I thank you very much for coming to our class. I think it was funny when you had Cassy and Dwight dress up in those clothes.
I really liked the stuff you had and the dry fish. The cup was nice but why does it have three handles? I love how you dressed. The boat that you drew was nice. I had a fun time. Now, I know you really lived and how hard it must have been.
I thank you very much. I hope you will do it again another time.
Your Pilgrim friend,
Dear Mistress Sandish,
Thank you for coming to our school in your spare time. I really enjoy learing more about how Pilgrims used to live and how hard it was to lie in the new land. I learned that it was hard to live in the new land with wolves outside your guard fence at night to eat your food, your child runing to the fire, and doing more work than we do. I thank you for coming to our school and I hope the next 5th graders enjoy this too.
Dear Mistres Standish,
Thank you for coming to my school. I like the part when my friend Ed could not fit the shirt. It was funny when Asheley put on the child's dress. I also liked the pot you made and the doll. You brought a lot of stuff that we saw.
I learned that some Pilgrims read books not only a Bible. I also learned Pilgrim trade and they do not fight with Indians. I did not know in winter there was no working. Thank you for coming. I wish we could see you again some day.
Dear Mistress Standish,
Thank you for coming to our school. I hope you had a good time, mistress Standish, All of my class thank you for coming to our class.
I learned that is not easy be a pilgrim. It is a lot of work being a Pilgrim. I learned you made a lot of things.
So I hope you had a good time.
P.S. Come back to our school in the future.
Dear Mistress Standish,
I had fun watching my friend being King James.
I learned that King James was a mean King. He should have to be throw out of being King. Well thanks again for coming.
Dear Goodman Soule,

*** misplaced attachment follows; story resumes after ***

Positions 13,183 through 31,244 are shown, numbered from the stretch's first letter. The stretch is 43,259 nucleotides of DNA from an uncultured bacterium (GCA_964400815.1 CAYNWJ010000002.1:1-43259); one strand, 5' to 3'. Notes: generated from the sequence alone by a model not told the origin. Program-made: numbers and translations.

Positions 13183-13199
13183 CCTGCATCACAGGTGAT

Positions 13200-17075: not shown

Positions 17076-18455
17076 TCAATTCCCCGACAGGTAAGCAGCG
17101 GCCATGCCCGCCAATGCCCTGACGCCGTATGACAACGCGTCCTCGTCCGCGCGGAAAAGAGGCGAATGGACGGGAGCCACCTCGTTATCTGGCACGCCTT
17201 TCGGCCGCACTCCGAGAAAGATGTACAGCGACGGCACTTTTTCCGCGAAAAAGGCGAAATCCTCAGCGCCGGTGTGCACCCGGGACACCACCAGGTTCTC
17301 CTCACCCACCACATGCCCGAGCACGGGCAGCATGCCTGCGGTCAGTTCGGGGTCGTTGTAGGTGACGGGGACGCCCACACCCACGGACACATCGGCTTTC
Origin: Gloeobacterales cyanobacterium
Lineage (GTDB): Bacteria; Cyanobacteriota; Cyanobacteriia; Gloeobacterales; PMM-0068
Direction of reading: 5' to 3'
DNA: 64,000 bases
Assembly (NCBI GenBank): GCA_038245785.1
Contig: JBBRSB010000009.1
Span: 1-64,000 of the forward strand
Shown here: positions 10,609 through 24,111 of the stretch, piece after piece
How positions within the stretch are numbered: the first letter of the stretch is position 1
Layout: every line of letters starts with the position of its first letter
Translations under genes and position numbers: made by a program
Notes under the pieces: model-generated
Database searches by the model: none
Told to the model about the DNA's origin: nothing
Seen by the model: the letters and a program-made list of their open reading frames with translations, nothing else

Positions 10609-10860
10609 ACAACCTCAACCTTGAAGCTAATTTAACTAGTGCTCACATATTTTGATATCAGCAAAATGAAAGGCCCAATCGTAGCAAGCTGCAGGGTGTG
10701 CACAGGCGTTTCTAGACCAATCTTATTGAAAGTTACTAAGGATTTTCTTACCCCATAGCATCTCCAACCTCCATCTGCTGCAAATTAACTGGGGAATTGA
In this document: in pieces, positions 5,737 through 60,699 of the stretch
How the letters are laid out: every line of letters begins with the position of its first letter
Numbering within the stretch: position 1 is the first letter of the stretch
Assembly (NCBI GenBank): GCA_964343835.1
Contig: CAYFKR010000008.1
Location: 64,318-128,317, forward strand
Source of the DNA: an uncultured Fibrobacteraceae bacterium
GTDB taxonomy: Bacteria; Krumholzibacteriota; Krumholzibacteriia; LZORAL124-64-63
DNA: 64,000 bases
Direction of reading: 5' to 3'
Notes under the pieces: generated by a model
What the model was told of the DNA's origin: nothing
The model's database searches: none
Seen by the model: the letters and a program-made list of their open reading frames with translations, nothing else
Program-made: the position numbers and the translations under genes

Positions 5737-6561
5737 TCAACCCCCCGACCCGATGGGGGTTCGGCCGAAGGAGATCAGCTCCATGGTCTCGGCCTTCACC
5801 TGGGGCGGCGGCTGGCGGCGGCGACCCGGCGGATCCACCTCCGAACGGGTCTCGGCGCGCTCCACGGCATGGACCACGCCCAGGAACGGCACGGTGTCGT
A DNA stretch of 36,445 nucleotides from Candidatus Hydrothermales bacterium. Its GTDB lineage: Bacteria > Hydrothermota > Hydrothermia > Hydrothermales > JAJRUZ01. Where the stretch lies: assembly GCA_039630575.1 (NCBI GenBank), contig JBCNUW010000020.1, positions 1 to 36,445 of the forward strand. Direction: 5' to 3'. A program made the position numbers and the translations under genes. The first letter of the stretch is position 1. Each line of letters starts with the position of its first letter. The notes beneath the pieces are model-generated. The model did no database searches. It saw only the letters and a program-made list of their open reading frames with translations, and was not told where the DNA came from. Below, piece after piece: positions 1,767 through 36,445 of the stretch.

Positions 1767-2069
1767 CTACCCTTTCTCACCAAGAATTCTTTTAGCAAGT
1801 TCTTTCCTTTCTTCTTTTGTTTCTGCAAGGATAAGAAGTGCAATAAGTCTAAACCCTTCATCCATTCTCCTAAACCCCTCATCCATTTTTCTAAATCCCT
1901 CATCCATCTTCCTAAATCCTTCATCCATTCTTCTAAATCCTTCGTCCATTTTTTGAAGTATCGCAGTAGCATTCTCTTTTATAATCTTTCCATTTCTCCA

Thank you Goodman Soul. You did a very good presentation. We learned lots of stuff. Did you really wear a dress when you were 5 and under?
I learned that only 2 people died on the Mayflower because I thought half the people died. I learned you ate hard food, too. Blah!
Dear Mistess Standish,
Thank you for coming to our school. it was very nice of you to come. It was very fun and interesting. I like you accent and your clothes.
I learned a lot of stuff like, what kind of games Pilgrims played, what they eat, what kind of music they listened to and how they dance. I have to go now but thank you for coming.
Mrs. Marko's 4 and 5th Intermediate Classes
From kids in Mrs. Marko's 4th and 5th Intermediate classes at Price Elementary School, Lancaster, PA following the April 1999, classroom visit by "Goodman George Soule," a museum instructor from Plimoth Plantation in early 17th century clothing who spoke in the dialect of the period.
Pilgrims Come to School
Today, a Pilgrim came to school.
He told us about the Pilgrim rules.
They sailed on a boat called the Mayflower.
On this boat there were no showers.
At the bottom is where they stayed.
While they were sailing on the bay.
To go to Virginia is what they wanted
But they landed on Plymouth Rock and grunted.
Little houses they had instead. With teeny, tiny beds.
Half of the Pilgrim people died and all the rest cried.
Some of the Pilgrims lived happy lives and had happy wives.